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They Say the U.S. Recession Ended Over a Year Ago

Economics / US Economy Oct 02, 2010 - 02:13 AM GMT

By: Hans_Wagner

Economics

Best Financial Markets Analysis ArticleThe National Bureau of Economic Research (NBER) told us the recession ended June 2009, when economic activity stopped going down and turned up.

The problem is most people are still worried about their jobs, if they have one and the lackluster performance of the recovery so far. With unemployment fluctuating between 9.4 and 10.1%, and the underemployment rate near 17%, it is no wonder the news from the NBER received such skepticism. Even the Federal Reserve said consumer demand, bank lending and housing remain weak, especially for this stage of the recovery.


Consumers, large and small businesses face an uncertain future. Companies of all sizes are reluctant to hire additional people for fear they will encounter much higher healthcare costs along with new taxes. In place of hiring new people, most companies would rather invest in productivity improvements, as they will help lower costs and improve service.

Congress has not yet decided what they will do with the expiring tax cuts in 2011. Add worries about the upcoming election in November and what that might mean for future legislation. It is no surprise everyone lacks confidence in the direction the economy.

Recessions generally take place when the GDP turns negative for two quarters. When the GDP recovers turning positive, it is a sign the Recession is over.

Generally recover from recessions follows a robust path as growth accelerates in the early quarters and years. This time the pattern is different. Starting with the third quarter of 2009 the GDP grew at 1.6% before leaping up to 5.0% in the Q4 2009. So far so good. In the first quarter of 2010, the GDP growth rate slowed to 3.7%, followed by a meager 1.6% in the second quarter. This is why we hear many economists worry about a “double-dip recession.” Since the initial spurt, the economy has weakened significantly. Future prospects are mixed and from my perspective, we will continue to experience a slow growth economy that struggles to provide enough jobs for everyone who wants one.

The Federal Reserve in their latest statement stated:

Business spending on equipment and software is rising, though less rapidly than earlier in the year, while investment in nonresidential structures continues to be weak. Employers remain reluctant to add to payrolls. Housing starts are at a depressed level. Bank lending has continued to contract, but at a reduced rate in recent months.

They further stated: the pace of economic recovery is likely to be modest in the near term.

If the Fed is concerned, business people and consumers will lack confidence in the economy. They will closely control their spending until their outlook on the economy becomes more positive. Without confidence in the future, the United States economy will continue to struggle. Until then it will feel like we remain in a recession.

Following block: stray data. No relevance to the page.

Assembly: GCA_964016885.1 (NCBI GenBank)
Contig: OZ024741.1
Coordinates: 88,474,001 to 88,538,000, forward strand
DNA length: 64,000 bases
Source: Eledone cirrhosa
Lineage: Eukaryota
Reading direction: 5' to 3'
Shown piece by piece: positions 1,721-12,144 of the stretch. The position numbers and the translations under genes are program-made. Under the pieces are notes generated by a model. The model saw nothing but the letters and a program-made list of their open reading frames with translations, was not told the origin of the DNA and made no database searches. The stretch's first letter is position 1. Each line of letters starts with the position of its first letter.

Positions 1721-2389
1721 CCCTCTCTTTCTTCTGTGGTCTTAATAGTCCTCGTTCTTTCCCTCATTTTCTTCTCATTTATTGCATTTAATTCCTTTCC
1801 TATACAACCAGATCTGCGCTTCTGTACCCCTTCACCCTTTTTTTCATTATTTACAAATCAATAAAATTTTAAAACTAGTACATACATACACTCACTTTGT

What is an investor to do?

In this “muddle through” economy, the stock market will continue to trade in a wide horizontal channel. Within this channel, you can pick stocks buying at their low point and selling at their high. Moreover, certain subsectors and stocks that benefit from the rapid growth in emerging economies, especially in Asia and South America will offer the best opportunities. Caterpillar, Deere, Freeport McMoRan, Bucyrus, Joy Global and Flowserve are a few that will continue to outperform. Any company that offers alternatives to hiring additional employees will see growing revenues and profits. Look to companies like Oracle, EMC, Accenture, and Digital River.

Careful stock selection
in the right sectors should provide investors with market beating results. Use the dips in the market to acquire shares of the quality companies. The rallies create profitable selling opportunities, or you can add down side protection at the highpoints. Take what the market gives you.

By Hans Wagner
tradingonlinemarkets.com

My Name is Hans Wagner and as a long time investor, I was fortunate to retire at 55. I believe you can employ simple investment principles to find and evaluate companies before committing one's hard earned money. Recently, after my children and their friends graduated from college, I found my self helping them to learn about the stock market and investing in stocks. As a result I created a website that provides a growing set of information on many investing topics along with sample portfolios that consistently beat the market at http://www.tradingonlinemarkets.com/

Copyright © 2010 Hans Wagner

If you wish to learn more on evaluating the market cycles, I suggest you read:

Ahead of the Curve: A Commonsense Guide to Forecasting Business and Market Cycles by Joe Ellis is an excellent book on how to predict macro moves of the market.

Unexpected Returns: Understanding Secular Stock Market Cycles by Ed Easterling.  One of the best, easy-to-read, study of stock market cycles of which I know.

The Disciplined Trader: Developing Winning Attitudes by Mark Douglas.  Controlling ones attitudes and emotions are crucial if you are to be a successful trader.


© 2005-2019 http://www.MarketOracle.co.uk - The Market Oracle is a FREE Daily Financial Markets Analysis & Forecasting online publication.


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